A thrusting technique is similar to a snapping technique except that a little extra motion is added so the technique penetrates the target 3 to 6 inches more than a snapping technique penetrates. A thrusting technique is basically a deeper penetrating version of a snapping technique. To illustrate the difference between a snap and a thrust, imagine executing a side kick against a drywall in a room. A snapping side kick will break through the drywall quickly with minimum penetration. A thrusting side kick will break through the drywall and penetrate beyond the wall, possibly breaking through the drywall on the opposite side of the wall.
- In boxing, a cross is a thrusting technique.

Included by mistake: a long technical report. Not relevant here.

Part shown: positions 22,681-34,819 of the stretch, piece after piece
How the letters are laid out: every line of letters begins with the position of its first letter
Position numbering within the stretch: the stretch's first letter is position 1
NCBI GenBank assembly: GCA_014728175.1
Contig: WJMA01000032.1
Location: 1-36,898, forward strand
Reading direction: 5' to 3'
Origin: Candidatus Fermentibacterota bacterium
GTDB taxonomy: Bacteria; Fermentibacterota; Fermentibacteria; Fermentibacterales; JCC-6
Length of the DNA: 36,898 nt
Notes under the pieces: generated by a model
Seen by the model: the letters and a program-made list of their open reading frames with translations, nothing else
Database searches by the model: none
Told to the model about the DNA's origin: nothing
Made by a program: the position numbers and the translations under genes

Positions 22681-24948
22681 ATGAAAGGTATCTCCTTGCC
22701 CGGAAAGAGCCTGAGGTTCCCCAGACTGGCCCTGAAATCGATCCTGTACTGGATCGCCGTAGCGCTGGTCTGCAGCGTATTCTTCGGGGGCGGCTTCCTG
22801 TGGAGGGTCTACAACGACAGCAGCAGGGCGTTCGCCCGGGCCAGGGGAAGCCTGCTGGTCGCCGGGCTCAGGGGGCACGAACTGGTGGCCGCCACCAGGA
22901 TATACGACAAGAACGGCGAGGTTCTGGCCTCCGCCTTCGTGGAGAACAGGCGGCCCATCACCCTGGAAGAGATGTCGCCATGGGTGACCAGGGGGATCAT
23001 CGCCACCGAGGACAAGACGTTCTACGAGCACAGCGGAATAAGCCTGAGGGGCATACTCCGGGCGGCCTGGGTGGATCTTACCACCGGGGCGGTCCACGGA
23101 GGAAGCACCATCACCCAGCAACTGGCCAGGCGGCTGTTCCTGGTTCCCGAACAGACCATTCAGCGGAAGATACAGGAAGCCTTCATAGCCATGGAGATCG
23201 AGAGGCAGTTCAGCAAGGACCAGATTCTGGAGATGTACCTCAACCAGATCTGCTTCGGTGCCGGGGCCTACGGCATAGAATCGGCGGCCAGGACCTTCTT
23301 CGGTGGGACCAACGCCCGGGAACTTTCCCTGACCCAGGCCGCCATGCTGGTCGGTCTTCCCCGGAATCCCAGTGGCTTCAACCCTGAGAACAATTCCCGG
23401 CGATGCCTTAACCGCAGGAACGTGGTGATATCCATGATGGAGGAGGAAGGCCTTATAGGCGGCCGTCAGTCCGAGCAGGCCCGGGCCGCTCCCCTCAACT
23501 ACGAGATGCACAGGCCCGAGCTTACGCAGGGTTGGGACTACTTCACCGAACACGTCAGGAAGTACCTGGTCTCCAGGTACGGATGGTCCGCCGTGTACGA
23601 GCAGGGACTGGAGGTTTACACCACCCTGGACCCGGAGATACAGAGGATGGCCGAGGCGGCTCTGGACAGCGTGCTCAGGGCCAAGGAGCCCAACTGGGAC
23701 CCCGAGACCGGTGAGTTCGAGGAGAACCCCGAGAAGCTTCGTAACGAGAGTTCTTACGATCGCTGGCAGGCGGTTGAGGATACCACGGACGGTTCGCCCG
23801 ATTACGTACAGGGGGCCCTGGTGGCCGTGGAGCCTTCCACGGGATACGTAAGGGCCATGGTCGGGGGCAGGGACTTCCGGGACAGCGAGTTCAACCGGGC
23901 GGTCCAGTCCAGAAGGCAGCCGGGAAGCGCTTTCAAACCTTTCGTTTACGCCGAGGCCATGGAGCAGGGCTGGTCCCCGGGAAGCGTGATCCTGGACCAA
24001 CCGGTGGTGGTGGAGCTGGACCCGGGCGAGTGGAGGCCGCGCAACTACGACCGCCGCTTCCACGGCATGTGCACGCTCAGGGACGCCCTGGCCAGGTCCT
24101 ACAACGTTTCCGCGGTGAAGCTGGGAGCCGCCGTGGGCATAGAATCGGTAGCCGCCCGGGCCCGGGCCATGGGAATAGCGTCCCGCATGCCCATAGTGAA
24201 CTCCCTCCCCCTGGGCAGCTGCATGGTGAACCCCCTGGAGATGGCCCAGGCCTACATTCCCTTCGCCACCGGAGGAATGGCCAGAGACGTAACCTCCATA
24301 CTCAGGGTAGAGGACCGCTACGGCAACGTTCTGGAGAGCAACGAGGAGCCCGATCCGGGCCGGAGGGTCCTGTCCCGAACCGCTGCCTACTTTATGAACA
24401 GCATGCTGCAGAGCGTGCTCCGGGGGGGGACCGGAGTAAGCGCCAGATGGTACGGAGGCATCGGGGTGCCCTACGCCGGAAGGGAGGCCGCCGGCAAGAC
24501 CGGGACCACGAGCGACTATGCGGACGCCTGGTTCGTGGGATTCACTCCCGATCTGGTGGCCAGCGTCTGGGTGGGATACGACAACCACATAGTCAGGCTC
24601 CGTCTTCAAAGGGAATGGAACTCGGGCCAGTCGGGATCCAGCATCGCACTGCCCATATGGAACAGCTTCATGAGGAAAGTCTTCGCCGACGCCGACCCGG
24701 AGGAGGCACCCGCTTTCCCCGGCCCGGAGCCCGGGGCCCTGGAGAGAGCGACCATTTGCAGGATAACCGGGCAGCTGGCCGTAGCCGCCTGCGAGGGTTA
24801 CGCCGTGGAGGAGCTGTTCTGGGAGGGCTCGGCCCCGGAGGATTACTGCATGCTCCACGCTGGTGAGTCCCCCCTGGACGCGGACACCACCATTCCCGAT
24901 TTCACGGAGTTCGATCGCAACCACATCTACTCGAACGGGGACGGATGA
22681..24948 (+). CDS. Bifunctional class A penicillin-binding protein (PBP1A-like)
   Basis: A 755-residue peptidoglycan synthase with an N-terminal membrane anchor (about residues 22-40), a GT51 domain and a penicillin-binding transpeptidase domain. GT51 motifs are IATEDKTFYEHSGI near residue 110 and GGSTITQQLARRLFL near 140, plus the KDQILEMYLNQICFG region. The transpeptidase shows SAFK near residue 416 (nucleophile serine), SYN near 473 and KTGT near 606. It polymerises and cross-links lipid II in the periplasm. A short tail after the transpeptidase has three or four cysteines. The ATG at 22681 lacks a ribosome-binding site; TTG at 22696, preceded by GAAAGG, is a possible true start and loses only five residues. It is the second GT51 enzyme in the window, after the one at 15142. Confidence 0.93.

- Thrusting techniques are linear, which makes them difficult to block but easier to slip.
- In a thrusting technique, the fist or foot moves at about the same speed as a pushing technique but at lesser than a snapping technique. The speed of a thrusting technique may be illustrated using by the motion of a whip. If the whip is slung forward and not snapped backward, the tip of the whip will not make a snapping sound. If the whip is slung onto a person's back, a lesser pain will be felt over a larger area and for a longer time than with the snapping motion described above.
- A thrusting technique has more contact time with the target than does a snapping technique. Therefore, it absorbs more of the reactionary force than does a snapping technique. However, it applies its force for a longer period.
- In a thrusting motion, the body tenses at the moment of impact, maintains the tension for a few milliseconds of thrust, and then relaxes on retraction.
- Thrusting techniques are relatively easy to control when sparring so injuries are reduced.